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Arapahoe High School student Brett Stewart, left, and classmates on the 50th Anniversary Arapahoe High float in the Homecoming Parade earlier this year.

(Photo: Courtesy of Brett Stewart)
Arapahoe High School student Brett Stewart says the shooting at his school last week was like a scene from the movie “Saving Private Ryan.” 

"I'll never forget watching kids in this utter panic, trying to find their friends -- including myself," Stewart tells Colorado Matters host Ryan Warner.

Stewart was in class when the shots went off.

"We would later find out that the very last shot we heard was the self-inflicted death of the shooter," Stewart says. “But at the time, when you're in the room, you don't know that's the last shot.”

In the days after the shooting, Stewart wrote a commentary for the Denver Post about his experience and was interviewed by The New York Times.

Stewart says that through the interviews, he can provide a more thoughtful account from a student's perspective. 

He remembers being scared when he was evacuated from the school.

"No one really knew where everyone was," Stewart says. "There's hundreds of kids there lost and crying -- some of them are screaming and trying to find their parents."

Stewart says he knew the shooter Karl Pierson but they weren't friends.

"He [Pierson] never struck me as the kind of person who would want to do that," Stewart says. "And the way I've kind of made my peace with it is he still wasn't that kind of person when he did it.”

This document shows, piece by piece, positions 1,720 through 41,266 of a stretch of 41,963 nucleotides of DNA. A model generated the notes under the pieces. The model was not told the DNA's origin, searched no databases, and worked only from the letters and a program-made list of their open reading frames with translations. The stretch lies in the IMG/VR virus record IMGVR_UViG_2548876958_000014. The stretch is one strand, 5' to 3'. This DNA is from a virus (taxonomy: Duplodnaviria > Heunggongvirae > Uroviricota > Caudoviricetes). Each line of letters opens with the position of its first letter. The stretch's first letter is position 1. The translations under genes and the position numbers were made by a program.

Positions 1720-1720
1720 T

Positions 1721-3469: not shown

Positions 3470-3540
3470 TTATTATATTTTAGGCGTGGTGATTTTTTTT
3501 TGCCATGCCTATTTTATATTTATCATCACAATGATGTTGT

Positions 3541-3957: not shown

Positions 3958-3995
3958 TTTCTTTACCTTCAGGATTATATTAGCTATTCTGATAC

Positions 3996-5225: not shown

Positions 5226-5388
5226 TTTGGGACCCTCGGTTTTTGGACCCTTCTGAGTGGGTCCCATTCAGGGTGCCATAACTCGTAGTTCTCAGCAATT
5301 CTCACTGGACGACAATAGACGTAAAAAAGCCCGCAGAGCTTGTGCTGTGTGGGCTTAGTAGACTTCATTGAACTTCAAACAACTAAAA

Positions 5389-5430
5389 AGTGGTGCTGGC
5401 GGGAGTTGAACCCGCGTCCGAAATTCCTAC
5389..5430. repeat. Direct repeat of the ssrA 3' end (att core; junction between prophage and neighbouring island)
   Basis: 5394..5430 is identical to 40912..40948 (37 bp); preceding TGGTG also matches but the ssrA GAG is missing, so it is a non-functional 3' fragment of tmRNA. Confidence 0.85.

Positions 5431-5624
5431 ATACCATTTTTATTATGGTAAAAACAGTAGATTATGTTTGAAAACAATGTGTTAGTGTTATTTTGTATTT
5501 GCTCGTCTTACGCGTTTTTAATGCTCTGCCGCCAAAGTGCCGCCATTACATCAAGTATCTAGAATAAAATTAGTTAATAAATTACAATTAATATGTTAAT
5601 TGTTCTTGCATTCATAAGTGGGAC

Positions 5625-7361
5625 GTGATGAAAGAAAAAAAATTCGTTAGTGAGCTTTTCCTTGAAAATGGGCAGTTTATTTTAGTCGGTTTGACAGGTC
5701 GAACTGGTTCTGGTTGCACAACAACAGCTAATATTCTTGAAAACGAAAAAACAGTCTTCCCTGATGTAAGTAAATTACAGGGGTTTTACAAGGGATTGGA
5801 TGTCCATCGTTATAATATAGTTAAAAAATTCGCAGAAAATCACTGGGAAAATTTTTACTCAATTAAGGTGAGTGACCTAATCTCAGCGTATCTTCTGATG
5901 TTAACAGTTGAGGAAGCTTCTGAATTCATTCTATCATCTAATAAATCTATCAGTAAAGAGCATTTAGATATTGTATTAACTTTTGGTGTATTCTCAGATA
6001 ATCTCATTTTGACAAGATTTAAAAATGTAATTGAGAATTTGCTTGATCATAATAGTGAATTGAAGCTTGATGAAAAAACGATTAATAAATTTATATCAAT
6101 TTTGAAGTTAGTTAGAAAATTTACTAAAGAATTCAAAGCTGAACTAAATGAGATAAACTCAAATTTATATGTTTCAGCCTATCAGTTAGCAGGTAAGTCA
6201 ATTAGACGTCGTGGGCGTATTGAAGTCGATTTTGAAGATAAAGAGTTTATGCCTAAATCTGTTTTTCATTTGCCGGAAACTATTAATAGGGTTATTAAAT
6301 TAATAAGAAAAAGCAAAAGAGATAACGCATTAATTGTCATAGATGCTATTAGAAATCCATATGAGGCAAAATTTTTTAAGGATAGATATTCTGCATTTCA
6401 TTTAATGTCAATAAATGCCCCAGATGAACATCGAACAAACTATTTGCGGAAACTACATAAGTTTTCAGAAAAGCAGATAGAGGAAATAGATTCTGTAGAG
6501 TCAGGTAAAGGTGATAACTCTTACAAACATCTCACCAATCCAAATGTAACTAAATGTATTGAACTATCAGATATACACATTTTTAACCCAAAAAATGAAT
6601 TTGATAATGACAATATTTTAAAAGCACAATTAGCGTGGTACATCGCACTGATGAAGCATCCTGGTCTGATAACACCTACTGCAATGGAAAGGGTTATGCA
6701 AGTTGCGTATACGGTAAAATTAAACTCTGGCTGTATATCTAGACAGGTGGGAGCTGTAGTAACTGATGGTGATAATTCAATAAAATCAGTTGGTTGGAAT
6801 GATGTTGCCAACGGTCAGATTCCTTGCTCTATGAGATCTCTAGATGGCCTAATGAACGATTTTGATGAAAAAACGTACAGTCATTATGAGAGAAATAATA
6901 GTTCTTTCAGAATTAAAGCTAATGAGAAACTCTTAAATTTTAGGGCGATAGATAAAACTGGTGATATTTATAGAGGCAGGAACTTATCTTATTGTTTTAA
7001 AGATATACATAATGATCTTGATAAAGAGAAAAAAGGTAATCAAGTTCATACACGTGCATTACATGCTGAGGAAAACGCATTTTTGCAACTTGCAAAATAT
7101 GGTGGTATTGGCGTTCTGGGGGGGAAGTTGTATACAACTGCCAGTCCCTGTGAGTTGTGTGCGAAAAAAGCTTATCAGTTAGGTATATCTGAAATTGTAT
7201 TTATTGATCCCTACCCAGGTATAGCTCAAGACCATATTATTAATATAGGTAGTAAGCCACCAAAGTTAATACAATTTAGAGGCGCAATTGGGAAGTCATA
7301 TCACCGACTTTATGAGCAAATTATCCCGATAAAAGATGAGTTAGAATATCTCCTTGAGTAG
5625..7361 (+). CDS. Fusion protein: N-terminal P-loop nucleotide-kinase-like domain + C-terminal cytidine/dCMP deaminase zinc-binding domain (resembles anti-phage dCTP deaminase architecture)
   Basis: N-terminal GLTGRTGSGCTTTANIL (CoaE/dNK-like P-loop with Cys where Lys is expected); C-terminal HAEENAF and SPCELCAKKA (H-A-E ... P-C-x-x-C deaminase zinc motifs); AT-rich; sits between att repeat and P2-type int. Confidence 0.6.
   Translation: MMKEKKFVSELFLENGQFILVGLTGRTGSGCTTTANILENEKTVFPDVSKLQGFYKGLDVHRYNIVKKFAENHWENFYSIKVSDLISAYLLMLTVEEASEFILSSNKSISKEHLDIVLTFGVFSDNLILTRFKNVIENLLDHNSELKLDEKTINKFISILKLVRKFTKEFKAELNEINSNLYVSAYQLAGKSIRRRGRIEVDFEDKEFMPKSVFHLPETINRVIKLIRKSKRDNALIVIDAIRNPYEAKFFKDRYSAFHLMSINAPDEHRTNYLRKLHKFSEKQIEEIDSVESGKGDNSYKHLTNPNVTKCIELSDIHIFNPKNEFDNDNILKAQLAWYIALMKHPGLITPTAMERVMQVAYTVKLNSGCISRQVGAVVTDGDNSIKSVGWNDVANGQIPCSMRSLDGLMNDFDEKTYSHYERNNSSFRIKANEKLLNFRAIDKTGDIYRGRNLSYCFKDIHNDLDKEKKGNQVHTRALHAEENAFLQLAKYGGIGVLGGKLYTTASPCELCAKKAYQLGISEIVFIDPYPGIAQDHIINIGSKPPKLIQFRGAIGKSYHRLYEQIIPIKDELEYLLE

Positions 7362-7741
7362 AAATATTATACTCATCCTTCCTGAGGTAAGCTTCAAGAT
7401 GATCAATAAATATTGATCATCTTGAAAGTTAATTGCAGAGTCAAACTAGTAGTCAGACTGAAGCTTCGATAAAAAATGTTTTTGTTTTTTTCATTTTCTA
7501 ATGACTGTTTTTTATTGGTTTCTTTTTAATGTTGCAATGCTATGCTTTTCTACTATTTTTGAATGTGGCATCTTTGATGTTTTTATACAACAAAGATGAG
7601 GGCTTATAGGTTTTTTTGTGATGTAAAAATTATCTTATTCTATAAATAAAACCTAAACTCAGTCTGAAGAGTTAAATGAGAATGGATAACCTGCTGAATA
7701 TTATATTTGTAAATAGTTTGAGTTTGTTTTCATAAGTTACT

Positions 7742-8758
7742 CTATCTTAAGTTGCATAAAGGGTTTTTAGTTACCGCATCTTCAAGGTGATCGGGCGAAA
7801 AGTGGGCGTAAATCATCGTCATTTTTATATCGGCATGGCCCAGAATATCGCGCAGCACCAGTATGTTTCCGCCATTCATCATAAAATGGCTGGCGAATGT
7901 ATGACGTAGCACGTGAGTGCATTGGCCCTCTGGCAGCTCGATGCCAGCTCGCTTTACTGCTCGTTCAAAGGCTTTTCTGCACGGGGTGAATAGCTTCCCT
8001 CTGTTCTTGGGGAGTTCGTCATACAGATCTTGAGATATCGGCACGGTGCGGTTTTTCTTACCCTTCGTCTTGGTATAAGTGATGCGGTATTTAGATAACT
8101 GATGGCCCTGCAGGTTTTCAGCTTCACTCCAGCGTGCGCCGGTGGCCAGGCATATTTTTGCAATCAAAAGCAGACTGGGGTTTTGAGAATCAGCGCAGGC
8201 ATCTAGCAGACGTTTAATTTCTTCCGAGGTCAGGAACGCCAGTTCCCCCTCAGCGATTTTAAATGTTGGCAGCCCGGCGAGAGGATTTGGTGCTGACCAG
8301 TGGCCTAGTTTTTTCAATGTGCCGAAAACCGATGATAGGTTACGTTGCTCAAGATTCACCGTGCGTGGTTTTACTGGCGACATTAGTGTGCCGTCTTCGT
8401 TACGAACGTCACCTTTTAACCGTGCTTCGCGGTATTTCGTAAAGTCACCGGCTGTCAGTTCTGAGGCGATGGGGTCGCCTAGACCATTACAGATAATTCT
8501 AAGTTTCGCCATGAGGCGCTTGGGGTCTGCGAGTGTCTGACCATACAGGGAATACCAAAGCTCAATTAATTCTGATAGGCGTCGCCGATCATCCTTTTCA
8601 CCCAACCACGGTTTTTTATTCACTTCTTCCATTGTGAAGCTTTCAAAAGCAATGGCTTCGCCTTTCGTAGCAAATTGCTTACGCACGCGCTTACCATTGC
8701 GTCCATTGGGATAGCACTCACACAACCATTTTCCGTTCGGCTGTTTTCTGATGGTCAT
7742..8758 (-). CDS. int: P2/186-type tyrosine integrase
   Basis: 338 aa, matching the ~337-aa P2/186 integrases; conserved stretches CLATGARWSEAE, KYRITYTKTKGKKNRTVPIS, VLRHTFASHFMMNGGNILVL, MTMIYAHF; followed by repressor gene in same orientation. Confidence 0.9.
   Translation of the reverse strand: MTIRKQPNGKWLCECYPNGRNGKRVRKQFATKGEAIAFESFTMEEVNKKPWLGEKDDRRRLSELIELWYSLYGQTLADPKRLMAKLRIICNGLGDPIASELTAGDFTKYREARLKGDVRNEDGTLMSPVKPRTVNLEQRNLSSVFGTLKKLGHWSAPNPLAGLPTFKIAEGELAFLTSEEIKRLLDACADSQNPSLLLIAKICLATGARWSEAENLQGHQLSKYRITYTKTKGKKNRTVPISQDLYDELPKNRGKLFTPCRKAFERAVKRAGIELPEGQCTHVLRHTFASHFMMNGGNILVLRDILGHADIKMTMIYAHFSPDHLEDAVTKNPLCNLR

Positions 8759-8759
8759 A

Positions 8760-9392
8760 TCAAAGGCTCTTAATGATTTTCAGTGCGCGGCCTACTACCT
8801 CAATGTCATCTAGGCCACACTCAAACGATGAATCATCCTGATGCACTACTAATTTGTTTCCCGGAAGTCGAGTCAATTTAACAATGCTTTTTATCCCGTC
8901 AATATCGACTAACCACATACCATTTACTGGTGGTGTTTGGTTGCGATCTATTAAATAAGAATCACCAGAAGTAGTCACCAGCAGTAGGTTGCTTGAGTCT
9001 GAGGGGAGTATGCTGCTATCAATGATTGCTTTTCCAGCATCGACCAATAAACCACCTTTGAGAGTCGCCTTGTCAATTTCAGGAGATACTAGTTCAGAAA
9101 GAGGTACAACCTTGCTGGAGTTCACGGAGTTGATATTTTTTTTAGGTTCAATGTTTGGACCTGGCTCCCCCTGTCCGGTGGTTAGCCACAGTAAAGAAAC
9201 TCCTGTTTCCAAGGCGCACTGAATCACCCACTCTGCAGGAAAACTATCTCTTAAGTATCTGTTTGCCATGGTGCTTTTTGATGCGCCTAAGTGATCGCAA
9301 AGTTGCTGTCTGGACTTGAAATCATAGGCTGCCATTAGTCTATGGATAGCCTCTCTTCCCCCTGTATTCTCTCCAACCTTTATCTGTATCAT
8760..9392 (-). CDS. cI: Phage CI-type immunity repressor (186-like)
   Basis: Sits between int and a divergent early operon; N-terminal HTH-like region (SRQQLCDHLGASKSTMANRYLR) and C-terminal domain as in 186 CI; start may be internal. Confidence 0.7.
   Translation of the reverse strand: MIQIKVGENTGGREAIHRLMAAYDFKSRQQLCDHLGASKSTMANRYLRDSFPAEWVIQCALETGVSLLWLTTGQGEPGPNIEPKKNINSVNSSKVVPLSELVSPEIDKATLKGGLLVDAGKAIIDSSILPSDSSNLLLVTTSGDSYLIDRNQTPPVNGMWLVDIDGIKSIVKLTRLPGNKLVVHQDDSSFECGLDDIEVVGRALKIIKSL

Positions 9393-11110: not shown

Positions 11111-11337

Stewart says he's had trouble reconciling the events of Dec. 13 with the type of person he thought the shooter was.

“Whatever happened in the last 80 seconds of his life, he wasn't himself and that's the best way I can describe what happened," Stewart adds.

According to Stewart, people who want to hurt other people are always going to find a way but he's happy with how the school and local law enforcement authorities responded to the situation at Arapahoe High School.

"When Columbine was happening, all these kids were getting hurt in the library and all the cops were outside and didn't know what to do," Stewart says.

The Sheriff’s deputies in this case were prepared to go in as quickly as possible and handle an active shooter.

Stewart thinks returning to school after the New Year will be difficult.

"How do you go back to a place where something like this happened to you and feel the same way as before?" Stewart asks.

Classes are canceled at Arapahoe until January but students can go back into the building this Thursday and Friday to retrieve belongings.

On the day of the shooting, Stewart says his mom went into "a complete mama-bear freak-out."

"My mom is probably having an uncanny flashback to Columbine," Stewart recalls.

He and his mom placed flowers at the Columbine memorial after the tragedy when Stewart was much younger.

Now, in the wake of the shooting, Stewart says he's found a new appreciation for his classmates.

 "Regardless of whether or not you like someone, you don't want to see them be hurt by something like this," Stewart says.

There's a lesson in this for students everywhere, according to Stewart, even if they haven't been affected by a school shooting.

Stewart wrote a song called “Blood Red Skies” after the shootings at Sandy Hook Elementary one year ago to help cope with what happened.

He's found himself playing the song a lot these days.

Song: Brett Stewart sings Blood Red Skies

Stewart says he wrote “Blood Red Skies” in an effort to create some unity because being together is the only option if society can't prevent school shootings from happening.

He's feeling that sense of unity now: Stewart read online students at a college in Iowa were wearing black and gold, the Arapahoe High School colors.

“That made me feel like our community had expanded beyond the Littleton School District," Stewart says.